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Posted by: Trevor
July 4, 2020
Sometimes, you just know something. It's like you know it deep inside. You may not have the science to back it up, but still, you believe. And yet, you'd agree --- having good science to confirm your beliefs is reassuring.
Most of our customer friends believe that eating ethically has positive effects on everything from their physical and mental health, to their community's health, to the health of our planet. They believe that the lives of food-production animals are precious and important. And we agree with them. Very much.
This is one of our lambs, and she's adorable
Today, as I'm writing this, I'm finding there may now be even more science to support the humane treatment of livestock animals. Consider the following:
In 1957, a scientist at the University of Michigan by the name of James McConnell, found that when flatworms were fed tissue from other flatworms that had been trained, their performance was improved by 50% compared to untrained flatworms.
Later, at the Baylor College of Medicine, a neurochemist named Georges Ungar performed similar experiments, but this time with fish. He showed that when tissue extracts from trained fish were fed to untrained fish, the untrained fish acted as if they had been trained. Memories were being transferred between creatures, through what they ate (Chemical Transfer of Learned Fear, Ungar).
Both Ungar and McConnell believed they had discovered "memory molecules" --- RNA molecules which could transfer information between creatures, even penetrating the blood-brain barrier. Their views were revolutionary, and challenged the status quo.
Not surprisingly, Ungar and McConnell came under attack. Funding was cut off. They died. Their research was nearly forgotten --- for thirty years. Scientists were reluctant to touch the subject for fear of persecution.
Recently, however, scientists (funded by the National Institutes of Health and the National Science Foundation) have begun to re-consider the concept of "molecular memory". They've been doing experiments which have confirmed the work of McConnell and Ungar.
Michael Levin at Tufts University is one of those researchers. He has confirmed McConnell's work.
David Glanzman of UCLA is another one. He and his team of neuroscientists reported that they have transferred a memory from one animal to another by transferring its RNA molecules.
RNA molecules are present in the food we eat, and they are not necessarily inert. It turns out that humans can be affected by the RNA molecules found in foods. In fact, scientists have recently discovered that animal origin RNA's are not only bioavailable but also affect gene expression in humans (Gene Regulation by Dietary microRNAs). This discovery is not limited to animal RNA only. Even vegetable RNA can affect human gene expression (What You Eat Affects Your Genes: RNA from Rice Can Survive Digestion and Alter Gene Expression based on this study conducted by Chen-Yu Zhang, a molecular biologist at Nanjing University), even surviving cooking and human stomach acids. More information on this subject can be found here: The Food-Borne Micro RNA and its Controversy on Human Health.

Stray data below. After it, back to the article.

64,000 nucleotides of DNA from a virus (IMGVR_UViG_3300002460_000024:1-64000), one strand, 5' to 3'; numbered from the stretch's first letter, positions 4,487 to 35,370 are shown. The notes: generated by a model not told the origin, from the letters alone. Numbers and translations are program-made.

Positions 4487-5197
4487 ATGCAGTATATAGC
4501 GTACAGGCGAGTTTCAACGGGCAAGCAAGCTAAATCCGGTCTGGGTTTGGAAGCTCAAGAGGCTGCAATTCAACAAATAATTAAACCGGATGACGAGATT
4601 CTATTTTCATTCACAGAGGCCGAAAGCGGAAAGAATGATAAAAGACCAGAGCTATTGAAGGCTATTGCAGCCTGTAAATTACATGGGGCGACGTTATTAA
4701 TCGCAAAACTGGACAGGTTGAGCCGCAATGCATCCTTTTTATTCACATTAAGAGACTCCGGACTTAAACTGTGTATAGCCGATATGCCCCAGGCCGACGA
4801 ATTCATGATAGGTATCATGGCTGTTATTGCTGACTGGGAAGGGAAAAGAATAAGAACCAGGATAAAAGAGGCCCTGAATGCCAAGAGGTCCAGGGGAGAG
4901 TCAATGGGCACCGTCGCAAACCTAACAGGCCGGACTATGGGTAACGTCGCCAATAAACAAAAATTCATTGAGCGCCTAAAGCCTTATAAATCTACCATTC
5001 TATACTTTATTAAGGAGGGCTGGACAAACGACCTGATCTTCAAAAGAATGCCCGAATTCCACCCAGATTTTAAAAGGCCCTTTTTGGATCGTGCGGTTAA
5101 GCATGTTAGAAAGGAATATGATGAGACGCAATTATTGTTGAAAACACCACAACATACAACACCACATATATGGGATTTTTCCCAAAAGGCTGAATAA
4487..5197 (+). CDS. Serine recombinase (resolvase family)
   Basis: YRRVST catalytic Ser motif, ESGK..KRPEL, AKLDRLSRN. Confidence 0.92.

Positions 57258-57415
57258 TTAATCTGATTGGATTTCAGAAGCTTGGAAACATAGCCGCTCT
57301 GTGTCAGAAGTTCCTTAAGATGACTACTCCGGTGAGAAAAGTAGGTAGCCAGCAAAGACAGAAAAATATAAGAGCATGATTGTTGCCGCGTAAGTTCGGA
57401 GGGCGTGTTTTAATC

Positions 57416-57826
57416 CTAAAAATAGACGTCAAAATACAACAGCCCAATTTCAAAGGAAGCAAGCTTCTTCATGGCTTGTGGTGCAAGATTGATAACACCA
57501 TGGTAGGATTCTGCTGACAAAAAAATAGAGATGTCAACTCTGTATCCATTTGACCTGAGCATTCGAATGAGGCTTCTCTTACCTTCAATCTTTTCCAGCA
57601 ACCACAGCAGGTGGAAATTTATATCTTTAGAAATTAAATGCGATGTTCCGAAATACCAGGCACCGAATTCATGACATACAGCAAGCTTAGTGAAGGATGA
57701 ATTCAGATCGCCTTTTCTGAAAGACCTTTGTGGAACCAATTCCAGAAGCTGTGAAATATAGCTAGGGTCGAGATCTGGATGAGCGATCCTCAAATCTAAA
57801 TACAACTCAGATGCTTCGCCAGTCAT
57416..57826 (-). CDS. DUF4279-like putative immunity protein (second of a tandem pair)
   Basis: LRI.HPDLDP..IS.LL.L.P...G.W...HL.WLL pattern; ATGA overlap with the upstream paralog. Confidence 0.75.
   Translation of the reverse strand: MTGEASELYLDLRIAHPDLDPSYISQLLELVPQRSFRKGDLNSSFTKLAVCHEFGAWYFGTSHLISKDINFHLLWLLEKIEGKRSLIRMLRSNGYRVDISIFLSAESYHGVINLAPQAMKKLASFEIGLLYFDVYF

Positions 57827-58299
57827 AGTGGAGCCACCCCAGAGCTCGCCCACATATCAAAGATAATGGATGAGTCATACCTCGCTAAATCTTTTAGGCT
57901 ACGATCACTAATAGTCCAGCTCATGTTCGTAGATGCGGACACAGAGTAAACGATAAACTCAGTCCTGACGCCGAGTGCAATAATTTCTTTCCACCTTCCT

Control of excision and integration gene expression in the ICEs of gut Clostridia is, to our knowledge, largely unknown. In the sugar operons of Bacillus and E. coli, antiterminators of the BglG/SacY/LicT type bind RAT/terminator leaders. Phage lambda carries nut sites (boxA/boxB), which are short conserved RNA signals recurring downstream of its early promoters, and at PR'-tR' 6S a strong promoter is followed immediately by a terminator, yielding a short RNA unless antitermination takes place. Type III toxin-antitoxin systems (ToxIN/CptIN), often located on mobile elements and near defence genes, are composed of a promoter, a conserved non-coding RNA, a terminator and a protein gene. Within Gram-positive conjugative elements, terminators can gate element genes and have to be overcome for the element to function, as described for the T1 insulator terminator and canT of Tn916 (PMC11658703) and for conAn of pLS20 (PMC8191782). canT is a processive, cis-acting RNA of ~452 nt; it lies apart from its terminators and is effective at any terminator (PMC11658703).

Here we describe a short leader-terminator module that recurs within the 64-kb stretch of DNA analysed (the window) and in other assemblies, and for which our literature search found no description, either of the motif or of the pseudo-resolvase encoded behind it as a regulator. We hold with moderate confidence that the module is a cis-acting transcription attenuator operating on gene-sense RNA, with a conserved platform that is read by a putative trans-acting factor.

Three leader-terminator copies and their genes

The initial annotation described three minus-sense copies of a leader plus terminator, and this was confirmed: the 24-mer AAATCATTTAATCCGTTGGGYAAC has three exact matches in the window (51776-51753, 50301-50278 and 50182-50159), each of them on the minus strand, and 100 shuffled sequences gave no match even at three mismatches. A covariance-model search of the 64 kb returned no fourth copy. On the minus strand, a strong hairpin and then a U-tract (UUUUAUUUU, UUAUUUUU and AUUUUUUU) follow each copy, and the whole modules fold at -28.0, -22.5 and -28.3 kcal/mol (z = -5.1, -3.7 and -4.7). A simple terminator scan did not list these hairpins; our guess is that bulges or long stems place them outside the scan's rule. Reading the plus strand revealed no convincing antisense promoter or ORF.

If we piece together the above studies and articles, we can see that RNA molecules from food-production animals are passed into our bodies, and (if Glanzman, Levin, McConnell and Ungar are correct) contain encoded information relating to a portion of the experiences and memories of the animals themselves. This RNA, once we ingest it, can affect our bodies even at the genetic level.
It's natural then to ask the question: Could humans be absorbing the memories and experiences (good or bad) of the livestock animals they are eating?
We won't know the answer to that question anytime soon. But there is enough evidence to convince me that, at least potentially, I could be affected at a deep level, physically and mentally, by the quality of life of the animals that I consume, inheriting their joy or their sadness, depending on how they were raised.
There is a principle of sowing and reaping, in farming and also in life. When we sow kindness, we often reap kindness in return. When we provide our livestock animals with good things, they provide good things in return. Could this principle of sowing and reaping be true even at the RNA level of the food we eat?
I believe it could. And I think, if you are reading this, you believe it could, too. We know in our hearts that the lives of the animals who die, so that we can live, are precious. We believe that good things will happen when we treat animals with kindness. And now, maybe science is confirming what we believe.
Thank you for believing these things, alongside us. Thank you for supporting local, organic, humane family farms. Together, I think we are making things better.
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